1 qt whole milk (my preference is whole, but you could probably use whatever kind you have)
2 Tbsp. plain yogurt
Candy thermometer (with range from 115 - 180)
Glass quart jar with lid (like a canning jar, or you could use 2 smaller jars)
Huge soup pot
Pyrex glass measuring cup
2 qt (ish) saucepan
1. Measure milk and pour into a medium saucepan. Start it heating up over medium heat. Rig your candy thermometer so its tip is in the middle of the milk. I do this by sort of threading it through the wires of a wire whisk. Stir occasionally with said whisk.
2. In your now-empty pyrex measuring cup, measure out 2 Tbsp. yogurt to start hanging out at room temperature.
3. When your milk gets to 180 degrees, remove from heat. Let it cool down to 115 degrees. This takes a while...but exactly how long depends on how warm your kitchen is, among other things.
4. Pour a little cooled milk (115) into the Pyrex holding the (now room-temp) yogurt. Using that same old whisk, whisk it together real good. Then pour the yogurt-milk mixture back into the saucepan holding the rest of the cooled milk. Whisk it all together real good, again, some more.
5. Pour into glass jar, set jar on top of heating pad set to low, cover with kitchen towel and then put huge giant soup pot on top. Leave it for 8 hours (or a little more is fine too). Then put it in your fridge and call it a day. It keeps for about 5 days.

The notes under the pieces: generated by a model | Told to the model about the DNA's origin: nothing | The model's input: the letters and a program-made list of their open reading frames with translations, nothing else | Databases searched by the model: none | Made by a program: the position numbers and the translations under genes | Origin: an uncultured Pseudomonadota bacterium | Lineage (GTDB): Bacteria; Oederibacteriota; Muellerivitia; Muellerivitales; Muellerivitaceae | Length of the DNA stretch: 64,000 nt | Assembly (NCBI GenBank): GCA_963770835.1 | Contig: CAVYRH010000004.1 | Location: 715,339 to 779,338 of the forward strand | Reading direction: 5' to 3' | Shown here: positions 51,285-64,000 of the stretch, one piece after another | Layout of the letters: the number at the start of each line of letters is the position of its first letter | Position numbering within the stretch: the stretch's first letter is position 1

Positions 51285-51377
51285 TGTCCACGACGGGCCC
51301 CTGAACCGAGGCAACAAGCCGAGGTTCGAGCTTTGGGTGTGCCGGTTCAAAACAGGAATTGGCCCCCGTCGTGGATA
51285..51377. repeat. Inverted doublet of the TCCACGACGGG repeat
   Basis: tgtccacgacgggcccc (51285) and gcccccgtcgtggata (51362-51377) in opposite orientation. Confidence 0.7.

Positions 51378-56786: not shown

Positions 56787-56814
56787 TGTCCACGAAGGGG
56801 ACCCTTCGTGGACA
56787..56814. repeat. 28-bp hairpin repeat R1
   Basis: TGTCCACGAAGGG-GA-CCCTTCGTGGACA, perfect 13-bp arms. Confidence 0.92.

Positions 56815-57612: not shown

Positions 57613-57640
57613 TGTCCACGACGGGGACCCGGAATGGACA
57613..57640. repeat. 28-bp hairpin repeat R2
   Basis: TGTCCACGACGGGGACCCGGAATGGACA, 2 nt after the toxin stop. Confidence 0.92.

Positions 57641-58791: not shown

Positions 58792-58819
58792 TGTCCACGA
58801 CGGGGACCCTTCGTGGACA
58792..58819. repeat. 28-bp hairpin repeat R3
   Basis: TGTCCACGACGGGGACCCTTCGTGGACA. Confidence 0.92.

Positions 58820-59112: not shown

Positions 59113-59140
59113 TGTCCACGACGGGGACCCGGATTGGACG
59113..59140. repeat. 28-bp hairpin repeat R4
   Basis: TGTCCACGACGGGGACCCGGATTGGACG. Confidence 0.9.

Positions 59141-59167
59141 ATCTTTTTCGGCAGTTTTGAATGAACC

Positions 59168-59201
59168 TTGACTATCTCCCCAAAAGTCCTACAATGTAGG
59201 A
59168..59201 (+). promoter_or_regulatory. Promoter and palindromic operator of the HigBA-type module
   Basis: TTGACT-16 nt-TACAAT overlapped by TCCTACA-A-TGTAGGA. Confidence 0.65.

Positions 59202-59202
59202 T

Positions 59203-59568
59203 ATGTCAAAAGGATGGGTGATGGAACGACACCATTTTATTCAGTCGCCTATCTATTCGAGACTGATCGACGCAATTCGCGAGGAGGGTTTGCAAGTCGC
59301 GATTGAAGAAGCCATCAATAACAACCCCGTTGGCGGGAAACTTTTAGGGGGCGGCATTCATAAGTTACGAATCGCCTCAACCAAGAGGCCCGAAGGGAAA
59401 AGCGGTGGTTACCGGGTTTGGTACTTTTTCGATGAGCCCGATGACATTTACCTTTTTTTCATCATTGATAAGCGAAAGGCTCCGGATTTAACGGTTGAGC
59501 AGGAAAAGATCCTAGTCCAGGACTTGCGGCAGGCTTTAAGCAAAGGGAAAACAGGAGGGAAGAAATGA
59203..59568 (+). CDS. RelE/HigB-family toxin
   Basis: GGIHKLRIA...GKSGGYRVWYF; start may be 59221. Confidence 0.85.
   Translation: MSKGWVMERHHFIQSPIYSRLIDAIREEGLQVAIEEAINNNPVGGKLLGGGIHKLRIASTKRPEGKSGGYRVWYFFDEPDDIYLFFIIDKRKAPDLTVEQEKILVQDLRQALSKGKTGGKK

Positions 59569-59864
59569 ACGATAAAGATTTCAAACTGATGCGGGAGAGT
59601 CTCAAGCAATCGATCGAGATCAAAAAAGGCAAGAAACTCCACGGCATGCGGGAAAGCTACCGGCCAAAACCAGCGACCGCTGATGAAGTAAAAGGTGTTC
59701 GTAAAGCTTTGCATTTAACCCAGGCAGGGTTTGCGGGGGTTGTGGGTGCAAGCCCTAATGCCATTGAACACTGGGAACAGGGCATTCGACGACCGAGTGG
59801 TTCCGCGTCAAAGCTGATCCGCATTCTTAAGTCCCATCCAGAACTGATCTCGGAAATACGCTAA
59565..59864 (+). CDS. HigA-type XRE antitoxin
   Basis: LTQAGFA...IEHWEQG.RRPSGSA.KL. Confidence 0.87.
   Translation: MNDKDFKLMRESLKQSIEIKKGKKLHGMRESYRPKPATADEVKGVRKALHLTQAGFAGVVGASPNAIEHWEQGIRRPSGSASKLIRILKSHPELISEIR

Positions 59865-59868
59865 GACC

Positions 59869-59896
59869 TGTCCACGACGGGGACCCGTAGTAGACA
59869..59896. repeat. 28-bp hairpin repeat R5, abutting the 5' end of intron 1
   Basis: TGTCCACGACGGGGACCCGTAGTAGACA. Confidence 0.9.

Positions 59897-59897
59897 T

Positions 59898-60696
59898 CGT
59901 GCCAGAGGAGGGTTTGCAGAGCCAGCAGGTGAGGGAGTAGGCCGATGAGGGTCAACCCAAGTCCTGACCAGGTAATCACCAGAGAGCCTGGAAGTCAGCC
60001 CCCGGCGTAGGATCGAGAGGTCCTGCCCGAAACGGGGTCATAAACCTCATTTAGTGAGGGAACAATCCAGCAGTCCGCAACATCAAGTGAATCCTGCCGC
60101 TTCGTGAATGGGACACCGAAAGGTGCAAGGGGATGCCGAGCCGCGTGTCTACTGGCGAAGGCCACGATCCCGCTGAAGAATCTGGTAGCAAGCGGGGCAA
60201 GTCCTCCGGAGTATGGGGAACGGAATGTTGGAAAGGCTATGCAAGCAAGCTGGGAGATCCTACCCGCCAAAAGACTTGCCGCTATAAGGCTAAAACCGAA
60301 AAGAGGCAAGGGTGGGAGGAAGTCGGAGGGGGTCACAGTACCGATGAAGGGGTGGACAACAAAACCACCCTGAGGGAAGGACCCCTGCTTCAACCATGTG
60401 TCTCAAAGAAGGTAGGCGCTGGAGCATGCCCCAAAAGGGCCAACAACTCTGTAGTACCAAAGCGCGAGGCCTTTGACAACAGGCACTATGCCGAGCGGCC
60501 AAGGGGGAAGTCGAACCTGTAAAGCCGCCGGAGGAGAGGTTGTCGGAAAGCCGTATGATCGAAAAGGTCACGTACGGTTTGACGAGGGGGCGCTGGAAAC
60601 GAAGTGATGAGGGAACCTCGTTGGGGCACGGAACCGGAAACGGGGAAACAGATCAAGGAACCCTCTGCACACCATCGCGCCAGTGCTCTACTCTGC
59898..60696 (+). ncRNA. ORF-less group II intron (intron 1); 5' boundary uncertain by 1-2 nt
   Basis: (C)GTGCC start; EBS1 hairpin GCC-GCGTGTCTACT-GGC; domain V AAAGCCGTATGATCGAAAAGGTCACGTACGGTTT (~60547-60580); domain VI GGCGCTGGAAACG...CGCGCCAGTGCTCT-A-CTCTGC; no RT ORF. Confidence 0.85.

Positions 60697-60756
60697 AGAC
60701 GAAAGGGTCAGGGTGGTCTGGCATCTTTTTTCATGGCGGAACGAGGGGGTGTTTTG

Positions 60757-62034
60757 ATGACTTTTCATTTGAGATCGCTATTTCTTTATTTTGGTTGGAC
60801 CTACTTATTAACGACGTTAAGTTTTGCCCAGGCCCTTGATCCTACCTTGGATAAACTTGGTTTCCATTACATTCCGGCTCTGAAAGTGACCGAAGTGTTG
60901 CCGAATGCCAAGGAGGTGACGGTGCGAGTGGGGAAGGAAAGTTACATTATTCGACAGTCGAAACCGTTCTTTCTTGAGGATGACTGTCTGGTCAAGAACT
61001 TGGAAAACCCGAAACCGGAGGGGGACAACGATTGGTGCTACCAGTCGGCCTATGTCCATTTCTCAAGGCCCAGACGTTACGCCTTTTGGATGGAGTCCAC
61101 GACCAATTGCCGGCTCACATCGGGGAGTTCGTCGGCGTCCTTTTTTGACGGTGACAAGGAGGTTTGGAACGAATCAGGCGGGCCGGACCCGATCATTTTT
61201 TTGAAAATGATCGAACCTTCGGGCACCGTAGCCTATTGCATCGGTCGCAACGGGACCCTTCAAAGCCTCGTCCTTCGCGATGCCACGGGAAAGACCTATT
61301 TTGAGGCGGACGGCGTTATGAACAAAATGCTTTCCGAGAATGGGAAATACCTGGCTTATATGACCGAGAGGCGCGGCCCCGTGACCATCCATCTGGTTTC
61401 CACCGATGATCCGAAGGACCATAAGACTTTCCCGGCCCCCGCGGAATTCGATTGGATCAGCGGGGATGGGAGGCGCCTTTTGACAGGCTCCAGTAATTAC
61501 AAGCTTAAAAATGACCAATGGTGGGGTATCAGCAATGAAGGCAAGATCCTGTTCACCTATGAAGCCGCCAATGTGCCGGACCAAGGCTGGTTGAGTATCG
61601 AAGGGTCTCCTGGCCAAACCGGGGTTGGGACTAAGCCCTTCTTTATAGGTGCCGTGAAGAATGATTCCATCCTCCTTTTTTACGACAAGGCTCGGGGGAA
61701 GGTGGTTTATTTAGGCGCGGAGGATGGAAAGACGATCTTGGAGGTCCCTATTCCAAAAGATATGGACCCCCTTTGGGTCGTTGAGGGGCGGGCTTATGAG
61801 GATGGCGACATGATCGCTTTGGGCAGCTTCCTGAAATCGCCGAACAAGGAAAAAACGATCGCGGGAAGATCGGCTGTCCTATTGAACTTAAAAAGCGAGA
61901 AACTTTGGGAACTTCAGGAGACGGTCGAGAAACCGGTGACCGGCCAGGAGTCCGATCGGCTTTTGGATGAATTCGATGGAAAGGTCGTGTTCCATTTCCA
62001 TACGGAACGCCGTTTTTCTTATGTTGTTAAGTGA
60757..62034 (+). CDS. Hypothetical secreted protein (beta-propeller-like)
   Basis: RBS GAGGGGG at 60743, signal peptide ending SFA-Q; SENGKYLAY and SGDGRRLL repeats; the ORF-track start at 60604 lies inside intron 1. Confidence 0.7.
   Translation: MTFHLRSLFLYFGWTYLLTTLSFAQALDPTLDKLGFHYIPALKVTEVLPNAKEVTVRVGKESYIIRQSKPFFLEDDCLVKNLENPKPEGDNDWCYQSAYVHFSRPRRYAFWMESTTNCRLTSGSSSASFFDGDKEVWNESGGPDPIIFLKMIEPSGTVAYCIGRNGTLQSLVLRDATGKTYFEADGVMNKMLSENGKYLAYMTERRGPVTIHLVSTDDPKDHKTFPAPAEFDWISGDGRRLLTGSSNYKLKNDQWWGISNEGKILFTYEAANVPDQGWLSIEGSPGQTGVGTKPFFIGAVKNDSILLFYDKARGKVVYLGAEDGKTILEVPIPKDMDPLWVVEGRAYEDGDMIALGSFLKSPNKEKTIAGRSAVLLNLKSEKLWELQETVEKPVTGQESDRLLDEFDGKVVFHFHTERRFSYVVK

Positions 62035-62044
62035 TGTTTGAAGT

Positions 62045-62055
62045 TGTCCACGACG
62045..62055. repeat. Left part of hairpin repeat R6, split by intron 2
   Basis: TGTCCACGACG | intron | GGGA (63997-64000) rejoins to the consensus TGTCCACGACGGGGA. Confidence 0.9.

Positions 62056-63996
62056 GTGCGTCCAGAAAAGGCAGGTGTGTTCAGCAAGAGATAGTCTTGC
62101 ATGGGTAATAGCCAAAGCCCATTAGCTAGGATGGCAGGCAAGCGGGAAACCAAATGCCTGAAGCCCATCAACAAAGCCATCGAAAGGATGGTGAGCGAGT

Note: For you working women, you could feasibly start this yogurt when you get up in the AM and have it be done when you come home. But I would try it the first time on a Saturday so you'll have an idea of how much time it takes at the beginning.
Another note: You can "chain" the yogurt once you make some. When you get down to your last 2 tablespoons (or almost) you will want to make some more. You can also freeze it in 2 Tbsp. amounts; it will just require a little more forethought with thawing and all that.
Suggestion: If you want to substitute this yogurt in a recipe that calls for sour cream, you should make it into "yogurt cheese" first, by straining it for a while in your fridge. The name is kind of misleading, it isn't really like cheese. It becomes a very similar consistency to sour cream.
Final note: If you don't have a big enough soup pot to keep your yogurt incubating on the heating pad, you can try putting your heating pad on an oven rack, the yogurt on top and then just a towel snugly around it. There are different creative ways you can incubate it. It just has to stay warm for 8 (ish) hours.